Rachel, without conceding the point (that would be pretty irresponsible of me, wouldn’t it) I’d just like to state I believe the question of gender difference (which I let sneak into my post without exactly intending it) is a complex one, unusually resistant to definitive descriptions. I’m glad you’re not  a gender denier, your points are well made, and your position is quite possibly correct.

    But mostly, I’m just sorry I’ve muddled my point by making two when I intended one.

  11. Fredösphere

    And EThompson, that goes for you too.

  12. Rachel Lu
    C
    Fredösphere: 

    But mostly, I’m just sorry I’ve muddled my point by making two when I intended one. · 11 hours ago

    Fredosphere, I understand, and in fact my point can be generalized. (Which I say as an enthusiastic sports fan, and someone very interested in explaining the moral value of sport.) I think you need to refine it a bit. Consequences are part of sport, but also almost every other area of life, so that doesn’t help very much in explaining the appeal. 

    I would suggest that a kind of idealized justice is a bit part of the good of sport, however. Life almost never gives us such perfect, clearly-spelled-out rules for how success is to be achieved and measured. On the field, conflicts that go on in real life can be distilled into a head-to-head battle that is far more regulated and fair than off-field conflicts are ever likely to be. That’s part of the satisfaction of the game.

  13. david foster

    There are a lot of women who do very well in SALES, which is about as competitive and consequence-fraught as anything you can find short of actual warfare…OTOH, sales has an emotional-intellegence component which is not so strong in most sports.

  14. Susan in Seattle

    I’m drawn to competitive sports.  For me, competition ignites a latent fire within and urges me to do my best.  I really don’t like to lose, either (a consequence).  I quit one sport a few years back because I was too fiercely competitive and my poor playing frustrated me.  Currently I swim on a masters’ team and I find my competitive juices flowing -  although I won’t be entering any meets anytime soon.

    btw, I was conservative in vitro.

  15. dittoheadadt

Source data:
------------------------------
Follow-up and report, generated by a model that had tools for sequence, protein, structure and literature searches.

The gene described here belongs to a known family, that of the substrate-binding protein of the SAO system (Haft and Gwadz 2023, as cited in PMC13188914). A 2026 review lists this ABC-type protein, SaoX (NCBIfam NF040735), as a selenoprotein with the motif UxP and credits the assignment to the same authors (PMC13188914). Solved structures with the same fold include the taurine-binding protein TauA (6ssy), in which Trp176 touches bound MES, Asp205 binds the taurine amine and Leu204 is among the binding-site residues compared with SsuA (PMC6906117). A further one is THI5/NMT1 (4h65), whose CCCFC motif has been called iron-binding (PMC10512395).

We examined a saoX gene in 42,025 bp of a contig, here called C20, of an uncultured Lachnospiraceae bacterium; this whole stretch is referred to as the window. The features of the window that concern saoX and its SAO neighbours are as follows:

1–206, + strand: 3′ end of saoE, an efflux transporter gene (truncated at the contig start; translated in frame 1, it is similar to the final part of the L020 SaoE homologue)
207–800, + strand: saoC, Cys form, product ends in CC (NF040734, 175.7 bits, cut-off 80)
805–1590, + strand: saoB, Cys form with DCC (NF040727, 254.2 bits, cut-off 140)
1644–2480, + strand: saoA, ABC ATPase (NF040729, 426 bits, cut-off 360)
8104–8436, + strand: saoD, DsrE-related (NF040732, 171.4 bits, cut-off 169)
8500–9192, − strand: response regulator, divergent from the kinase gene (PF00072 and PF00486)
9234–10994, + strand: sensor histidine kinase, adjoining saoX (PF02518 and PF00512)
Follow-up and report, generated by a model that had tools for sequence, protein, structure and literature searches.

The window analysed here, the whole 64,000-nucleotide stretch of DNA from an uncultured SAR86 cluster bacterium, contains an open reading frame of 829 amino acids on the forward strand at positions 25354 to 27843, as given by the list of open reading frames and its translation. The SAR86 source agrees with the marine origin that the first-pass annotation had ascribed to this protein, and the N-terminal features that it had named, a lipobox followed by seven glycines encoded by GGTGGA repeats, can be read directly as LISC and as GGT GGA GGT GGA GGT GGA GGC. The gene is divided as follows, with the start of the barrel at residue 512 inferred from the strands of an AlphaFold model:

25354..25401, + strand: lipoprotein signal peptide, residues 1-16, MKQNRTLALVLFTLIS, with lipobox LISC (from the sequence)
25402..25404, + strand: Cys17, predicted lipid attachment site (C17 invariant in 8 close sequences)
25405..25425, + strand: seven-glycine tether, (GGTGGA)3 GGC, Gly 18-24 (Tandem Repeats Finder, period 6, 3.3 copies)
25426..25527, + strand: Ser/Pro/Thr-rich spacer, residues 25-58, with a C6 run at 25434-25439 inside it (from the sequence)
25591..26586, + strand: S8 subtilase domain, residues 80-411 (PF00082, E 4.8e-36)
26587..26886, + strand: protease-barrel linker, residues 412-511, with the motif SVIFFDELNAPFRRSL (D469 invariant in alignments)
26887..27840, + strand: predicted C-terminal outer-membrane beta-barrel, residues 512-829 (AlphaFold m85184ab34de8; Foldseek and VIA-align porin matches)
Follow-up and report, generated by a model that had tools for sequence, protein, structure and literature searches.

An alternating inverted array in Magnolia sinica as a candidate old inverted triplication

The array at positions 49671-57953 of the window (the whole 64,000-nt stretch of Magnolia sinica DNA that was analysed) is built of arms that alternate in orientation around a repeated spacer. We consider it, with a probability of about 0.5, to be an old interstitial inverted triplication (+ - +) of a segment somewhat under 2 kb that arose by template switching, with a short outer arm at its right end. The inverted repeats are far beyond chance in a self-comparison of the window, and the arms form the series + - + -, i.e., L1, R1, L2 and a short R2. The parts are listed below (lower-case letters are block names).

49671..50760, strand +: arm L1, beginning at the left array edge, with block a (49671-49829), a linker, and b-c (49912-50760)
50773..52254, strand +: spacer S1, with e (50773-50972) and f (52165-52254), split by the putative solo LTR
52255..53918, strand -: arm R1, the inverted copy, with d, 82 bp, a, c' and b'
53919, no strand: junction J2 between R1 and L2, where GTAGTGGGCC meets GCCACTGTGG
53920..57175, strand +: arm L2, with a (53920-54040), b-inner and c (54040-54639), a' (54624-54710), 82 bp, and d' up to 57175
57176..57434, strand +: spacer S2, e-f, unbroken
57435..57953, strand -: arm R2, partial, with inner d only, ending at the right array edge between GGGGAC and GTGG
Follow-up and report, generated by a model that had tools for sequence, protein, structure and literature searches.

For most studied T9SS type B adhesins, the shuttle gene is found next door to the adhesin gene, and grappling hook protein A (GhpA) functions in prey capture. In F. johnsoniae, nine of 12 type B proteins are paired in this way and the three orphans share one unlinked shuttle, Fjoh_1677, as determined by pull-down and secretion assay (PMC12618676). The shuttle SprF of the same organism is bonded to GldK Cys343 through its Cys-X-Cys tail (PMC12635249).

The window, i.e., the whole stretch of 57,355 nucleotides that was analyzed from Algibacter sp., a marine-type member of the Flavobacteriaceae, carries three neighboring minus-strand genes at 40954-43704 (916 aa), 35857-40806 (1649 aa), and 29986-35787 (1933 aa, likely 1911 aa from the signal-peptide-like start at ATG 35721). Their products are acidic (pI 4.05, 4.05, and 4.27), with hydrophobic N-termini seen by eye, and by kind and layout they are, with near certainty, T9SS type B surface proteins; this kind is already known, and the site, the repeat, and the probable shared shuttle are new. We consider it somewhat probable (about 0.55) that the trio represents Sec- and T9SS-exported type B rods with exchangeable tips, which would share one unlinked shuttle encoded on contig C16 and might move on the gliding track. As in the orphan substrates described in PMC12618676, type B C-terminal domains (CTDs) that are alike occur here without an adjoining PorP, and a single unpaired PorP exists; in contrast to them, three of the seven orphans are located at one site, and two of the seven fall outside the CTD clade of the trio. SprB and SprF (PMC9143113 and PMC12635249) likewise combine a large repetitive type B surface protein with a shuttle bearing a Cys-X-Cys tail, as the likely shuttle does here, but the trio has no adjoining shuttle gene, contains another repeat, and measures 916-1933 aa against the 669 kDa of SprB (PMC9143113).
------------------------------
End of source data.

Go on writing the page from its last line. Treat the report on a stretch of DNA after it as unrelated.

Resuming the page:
Soccer is the sport that epitomizes no consequences (goals are about as frequent as Halley’s Comet) – and we have Soccer Moms

    NASCAR is the sport that epitomizes total consequences (just ask Dale Earnhardt…’s son) – and we have NASCAR Dads

    ’nuff said.

  16. EThompson
    dittoheadadt: Soccer is the sport that epitomizes no consequences…

    Ditto that!

  17. Amy Schley
    Fredösphere:  … conservative sages ranging from H.L. Mencken to  … (The people want the other side, and shall have it. Good. And. Hard.)

    While Mencken’s quote seems rather conservative at the moment, it’s far more apt to categorize him as a cynic instead of a conservative.  The man who wrote words like these was certainly no fan of conservative values …

    To sum up: 1. The cosmos is a gigantic fly-wheel making 10,000 revolutions a minute. 2. Man is a sick fly taking a dizzy ride on it. 3. Religion is the theory that the wheel was designed and set spinning to give him the ride.

    Liberty and democracy are eternal enemies, and every one knows it who has ever given any sober reflection to the matter.

    What should be a civilized man’s attitude toward such [religious] superstitions? It seems to me that the only attitude possible to him is one of contempt.

     How is it possible for a human brain to be divided into two insulated halves, one functioning normally, naturally and even brilliantly, and the other capable only of such ghastly balderdash which issues from the minds of Baptist evangelists?

    Source

  18. Fredösphere
    david foster: There are a lot of women who do very well in SALES, which is about as competitive and consequence-fraught as anything you can find short of actual warfare…OTOH, sales has an emotional-intellegence component which is not so strong in most sports. · 4 hours ago

    The stakes are often very high in sales, but I wouldn’t call it a paradigm of predictable consequences — too many variables out of the salesman’s control.

  19. Vice-Potentate
    Fredösphere: Isn’t this craving for consistent, predictable consequences a distinctly conservative trait? · · 18 hours ago

    The reduction of variables into a closed problem/solution oriented system, i.e. sports and math, is not uniquely Conservative. Technocrats are also famous for this same orientation. As for the Conservative movement as a whole, there is an erudite eloquent philosophical language-centered kernel to Conservatism, which is surrounded by the practical and results oriented win/lose system that makes sport so appealing.